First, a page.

It’s more like IT got into me. I put my hands on an Apple computer at a very early age and never looked back. At first, I started playing games – like Choplifter, Burger Time and Lode Runner – and later I decided to learn how to write games in BASIC. As I grew older, I ended up co-hosting a BBS – we hosted VGA Planets – and doing some development work for my local grade school as a lab assistant. Once I finished my undergrad in network and communications management, the sky was the limit. I’ve always known that I wanted to work with technology and am extremely pleased at the amount of encouragement, support and guidance I received from my parents, spouse and mentors.

 

SWI: You mentioned your spouse, so that means you must have a life outside of IT and blogging, right? What are some of your non-IT hobbies?

 

CW: I prefer to completely unplug from the Internet for recreation. This typically means going skeet or trap shooting at one of the local clubs – I shoot a 12 gauge. I also enjoy working on various woodworking, plumbing or electrical projects around the house. There is something incredibly rewarding about seeing a room both as it is and as it can be, and then working with your hands to build something new and special.

 

SWI: Stepping back into the topic of IT for minute. What are the tools you find you use the most?

 

CW: Scripting is still my first love, so I tend to gravitate towards PowerShell by way of the ISE and an app called PowerGUI. I’m also a bit of a SQL gearhead, so I spend a fair amount of time in good ol’ SQL Management Studio. I’ve begun shifting my gaze towards open source projects. As of the past year or so I have been spending a much more time staring at GitHub – I run it on my PC – and IDLE for Python scripting. Other tools that I’ve really enjoyed working with include Onyx – VMware fling, Notepad++, SecureCRT for managing SSH sessions and keys and KeePass.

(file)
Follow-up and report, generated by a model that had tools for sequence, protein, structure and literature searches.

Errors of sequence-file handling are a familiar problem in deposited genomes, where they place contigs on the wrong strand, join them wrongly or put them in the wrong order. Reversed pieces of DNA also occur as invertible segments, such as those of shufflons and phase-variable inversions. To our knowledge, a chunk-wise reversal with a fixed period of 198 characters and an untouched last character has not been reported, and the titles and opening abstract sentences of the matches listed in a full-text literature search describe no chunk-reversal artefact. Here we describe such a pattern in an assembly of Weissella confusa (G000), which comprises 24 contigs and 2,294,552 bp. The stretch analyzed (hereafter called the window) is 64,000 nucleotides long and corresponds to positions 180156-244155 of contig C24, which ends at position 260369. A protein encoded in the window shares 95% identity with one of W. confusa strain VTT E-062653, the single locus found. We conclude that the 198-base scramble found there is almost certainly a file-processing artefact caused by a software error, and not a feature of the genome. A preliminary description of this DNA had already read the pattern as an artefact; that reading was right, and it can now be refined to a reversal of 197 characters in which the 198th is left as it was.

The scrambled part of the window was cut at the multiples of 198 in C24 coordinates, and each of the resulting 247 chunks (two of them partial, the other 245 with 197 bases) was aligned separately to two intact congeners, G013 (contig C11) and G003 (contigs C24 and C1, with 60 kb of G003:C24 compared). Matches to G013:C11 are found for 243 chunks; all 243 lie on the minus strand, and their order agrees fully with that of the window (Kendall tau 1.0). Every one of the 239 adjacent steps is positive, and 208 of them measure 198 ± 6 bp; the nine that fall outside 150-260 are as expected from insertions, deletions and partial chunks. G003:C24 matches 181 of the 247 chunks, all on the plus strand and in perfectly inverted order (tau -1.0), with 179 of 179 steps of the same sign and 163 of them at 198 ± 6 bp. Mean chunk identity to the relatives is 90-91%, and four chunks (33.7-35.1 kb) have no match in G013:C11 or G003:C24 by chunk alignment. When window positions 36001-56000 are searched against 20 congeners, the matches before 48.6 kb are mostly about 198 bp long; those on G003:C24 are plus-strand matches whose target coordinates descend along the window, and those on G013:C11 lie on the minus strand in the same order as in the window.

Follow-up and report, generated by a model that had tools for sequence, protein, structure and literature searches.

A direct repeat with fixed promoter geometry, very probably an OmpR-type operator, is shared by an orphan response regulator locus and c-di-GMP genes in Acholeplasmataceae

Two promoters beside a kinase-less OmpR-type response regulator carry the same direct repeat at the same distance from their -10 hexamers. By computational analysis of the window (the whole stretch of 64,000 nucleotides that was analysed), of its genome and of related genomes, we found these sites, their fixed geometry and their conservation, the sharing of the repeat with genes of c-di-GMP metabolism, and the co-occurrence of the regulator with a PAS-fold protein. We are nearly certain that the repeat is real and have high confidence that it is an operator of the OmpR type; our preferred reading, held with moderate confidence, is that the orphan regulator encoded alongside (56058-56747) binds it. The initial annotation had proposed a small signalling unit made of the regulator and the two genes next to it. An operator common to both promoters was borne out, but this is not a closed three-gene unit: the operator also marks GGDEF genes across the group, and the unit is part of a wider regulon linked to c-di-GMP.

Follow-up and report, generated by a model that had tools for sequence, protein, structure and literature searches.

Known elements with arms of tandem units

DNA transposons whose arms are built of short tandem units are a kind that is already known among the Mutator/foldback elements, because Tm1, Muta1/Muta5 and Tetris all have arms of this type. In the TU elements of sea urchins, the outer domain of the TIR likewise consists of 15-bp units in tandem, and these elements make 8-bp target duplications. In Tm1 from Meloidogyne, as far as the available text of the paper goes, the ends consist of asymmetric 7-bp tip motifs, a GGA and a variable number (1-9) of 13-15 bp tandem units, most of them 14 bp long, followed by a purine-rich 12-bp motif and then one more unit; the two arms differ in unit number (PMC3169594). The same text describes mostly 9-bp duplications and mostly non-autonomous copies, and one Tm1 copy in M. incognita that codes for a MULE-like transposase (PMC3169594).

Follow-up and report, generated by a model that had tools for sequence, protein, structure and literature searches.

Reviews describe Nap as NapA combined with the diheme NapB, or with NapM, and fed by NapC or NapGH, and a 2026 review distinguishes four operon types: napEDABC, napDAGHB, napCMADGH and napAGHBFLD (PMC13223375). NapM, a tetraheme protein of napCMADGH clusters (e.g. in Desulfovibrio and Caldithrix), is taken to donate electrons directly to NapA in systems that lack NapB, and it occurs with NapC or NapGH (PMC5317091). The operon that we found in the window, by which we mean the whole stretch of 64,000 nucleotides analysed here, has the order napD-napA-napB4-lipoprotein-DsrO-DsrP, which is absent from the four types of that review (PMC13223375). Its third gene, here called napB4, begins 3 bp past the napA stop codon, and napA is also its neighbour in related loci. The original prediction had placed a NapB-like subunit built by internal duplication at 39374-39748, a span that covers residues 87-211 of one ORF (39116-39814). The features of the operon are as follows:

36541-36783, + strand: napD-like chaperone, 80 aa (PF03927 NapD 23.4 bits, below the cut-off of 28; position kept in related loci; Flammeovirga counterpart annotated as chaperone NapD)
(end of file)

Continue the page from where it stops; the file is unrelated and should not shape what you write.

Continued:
SWI: Given your expertise on both the admin and consulting sides combined with your industry blogger perspective, what do you think is next for IT?

 

CW: The need for IT specialists is beginning to erode, making room for a return to the IT generalist. Skillset requirements are evolving from hardware-centric to software-centric. With abstraction technologies taking care of a great deal of the complexity within a number of hardware products – especially storage – even large IT shops are no longer going to need to find a super deeply technical person to manage the gear on the floor. Instead, an IT generalist who knows a fair amount about storage, network and compute – servers – along with a healthy dash of scripting will be king.

 

As an example, I recently wrote about a company that sells hybrid flash storage arrays. There is no tuning, configuration or performance tweaks to apply. You buy, rack and setup the box. After that, it just works. This is a rather new trend in storage products, but it’s catching on even with the larger and more established vendors. The business wants to consume the resource immediately, not wait while IT fiddles around with making it work. This trend is driving the way vendors build products and businesses purchase and consume products. As such, the people that are needed in IT will have to be able to adapt. Change is hard, but overall I think this will result in a greater job satisfaction and less Sev1 calls in the middle of the night for IT!